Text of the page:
These were very hard years, spent in the parallel study of languages (given that lessons were held in Spanish and in English) but also in the constant exercise of work, to support himself while studying. Father Rick granted him a scholarship for tuition fees, but he also had to buy books and find accommodation. The student worked with an NGO, employed by a Canadian priest, receiving in exchange the money for medical texts, and he was allowed to use a corner of the office to sleep at night.
January 12th, 2010 Gerald was not in Haiti. As soon as he heard about the earthquake instinctively he wanted to return. But soon he realized that, at least at that time, he would be more useful where he was. Every day, in fact, finished lessons and work (he was committed in supporting the birth of a devotional center for young priests) he headed towards the border areas, where he had the possibility to control and check that the food and medicines that had started to arrive, sent by international humanitarian organizations, could reach their destination.
After graduation, Gerald finally returned home, for a year he worked as a volunteer doctor at the St. Luc Hospital. It was a way to return the privilege he had had, to pay for his tuition fees through the scholarship.
In April 2015 Andrea Bocelli visited the island and the structures built by the foundation that bears his name.
Build the future
Three fully operating schools, two being built, projects related to hospital maternity departments, AIDS care and prevention, water distribution in the slums, purification of the same in schools, renovation (if not rebuilding) of dilapidated houses. This is only a part of what in Haiti, thanks to ABF, is taking place, at the same time, even now.
Gerald is well acquainted with the complex story of his land, and knows the needs that are potentially capable, if accomplished, of generating value and future. He has understood therefore, the needs of his population and rationalized them in new projects some of which are already taking shape.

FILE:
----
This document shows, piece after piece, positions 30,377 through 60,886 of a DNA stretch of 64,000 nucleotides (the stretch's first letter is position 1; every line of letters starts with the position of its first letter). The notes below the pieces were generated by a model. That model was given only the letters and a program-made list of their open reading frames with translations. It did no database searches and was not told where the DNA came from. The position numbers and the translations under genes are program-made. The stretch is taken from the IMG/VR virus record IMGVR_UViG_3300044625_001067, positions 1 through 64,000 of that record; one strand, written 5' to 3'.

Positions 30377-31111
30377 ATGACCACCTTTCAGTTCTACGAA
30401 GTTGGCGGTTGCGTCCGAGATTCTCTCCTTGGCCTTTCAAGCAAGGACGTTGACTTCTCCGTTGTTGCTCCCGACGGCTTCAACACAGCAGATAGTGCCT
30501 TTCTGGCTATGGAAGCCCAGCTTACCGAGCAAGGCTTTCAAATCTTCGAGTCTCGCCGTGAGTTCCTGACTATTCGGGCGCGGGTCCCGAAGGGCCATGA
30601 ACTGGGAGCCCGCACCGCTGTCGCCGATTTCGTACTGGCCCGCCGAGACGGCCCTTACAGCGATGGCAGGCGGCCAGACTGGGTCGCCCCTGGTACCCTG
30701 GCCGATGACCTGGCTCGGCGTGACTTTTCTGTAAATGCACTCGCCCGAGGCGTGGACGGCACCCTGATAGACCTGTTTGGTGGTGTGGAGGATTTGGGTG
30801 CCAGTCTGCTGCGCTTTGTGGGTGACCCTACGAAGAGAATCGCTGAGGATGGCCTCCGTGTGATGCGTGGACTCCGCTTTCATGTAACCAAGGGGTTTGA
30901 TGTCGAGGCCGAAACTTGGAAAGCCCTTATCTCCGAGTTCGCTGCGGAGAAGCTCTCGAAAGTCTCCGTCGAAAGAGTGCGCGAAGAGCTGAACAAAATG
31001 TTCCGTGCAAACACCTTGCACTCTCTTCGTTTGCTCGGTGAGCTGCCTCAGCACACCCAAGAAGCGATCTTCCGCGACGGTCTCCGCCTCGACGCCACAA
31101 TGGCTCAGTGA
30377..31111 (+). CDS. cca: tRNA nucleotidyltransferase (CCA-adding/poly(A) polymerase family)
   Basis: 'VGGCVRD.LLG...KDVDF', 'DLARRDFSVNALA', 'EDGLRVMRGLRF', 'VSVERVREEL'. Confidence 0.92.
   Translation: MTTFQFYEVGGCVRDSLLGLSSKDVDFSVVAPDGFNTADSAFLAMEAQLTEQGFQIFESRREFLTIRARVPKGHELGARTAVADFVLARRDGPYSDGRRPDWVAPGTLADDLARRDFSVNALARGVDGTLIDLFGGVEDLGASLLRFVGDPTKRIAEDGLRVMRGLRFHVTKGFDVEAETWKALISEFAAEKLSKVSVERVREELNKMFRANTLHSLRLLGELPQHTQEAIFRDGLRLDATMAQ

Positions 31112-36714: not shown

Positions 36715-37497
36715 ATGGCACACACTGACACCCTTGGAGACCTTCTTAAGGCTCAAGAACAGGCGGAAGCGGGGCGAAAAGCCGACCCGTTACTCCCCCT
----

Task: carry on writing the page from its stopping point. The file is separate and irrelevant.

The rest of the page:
Mindful of the many times he had been on a journey with Father Rick, when he was still a boy, of the traveling to reach disadvantaged communities to deliver cures, he proposed a “Mobile clinic” made up of an agile hospital task force, capable of reaching the poorest places on the island, where people still die because of mild diseases that could be easily curable through prophylaxis.
Besides, combining the planetary artistic value of the Foundation’s inventor with the talent of many Haitian children, took form the choir “Voices of Haiti”. This musical project that will be inaugurated in September in New York is a great choir that might seem an ambitious goal achieved, but is instead the key that takes to the art of sounds, to art for the sake of art, able to infect, motivate, and give hope to many young lives.
There are difficulties; anyway, not all families understand the opportunity given to their children. In some cases, they even do not want their emancipation. But similar educational initiatives have, as an added value, the possibility to monitor at-risk situations and keep children safe from possible domestic vexations.
Gerald tells he is a lucky man. What about his future? It will be in Haiti, no doubt. And what about his daughters? He hopes that when they grow up they will have the strength and will to make the same choice. But in twenty years time will Haiti be what it might be? (An earthly paradise, a hymn to beauty, to the charming sweetness of life?) Probably this lapse of time will not be sufficient to heal the country from its chronic endemic disease: first of all an inattentive political class (to be euphemistic) basically more interested in their own interest rather than in those of the people they represent (to use another euphemism).
Leaving, however, is tantamount to playing into the hands of those who exploit this potential paradise (already prostrated by known disasters). Leaving is the worst answer, it means throwing in the towel, and Gerald is not temperamentally used to give in. There is however, a need to do, now, to rebuild, heal, teach… Gerald Beaubrun will remain, and invites us all to give him a hand. Just as – he hopes – will do his daughters. For them, as for all the children in Haiti, he wants, above all else, what he believes is the most powerful, fundamental tool, that can make a difference in building a future (theirs and the one of the island ) school, knowledge, education…knowing how to understand to know how to change.
Giorgio De Martino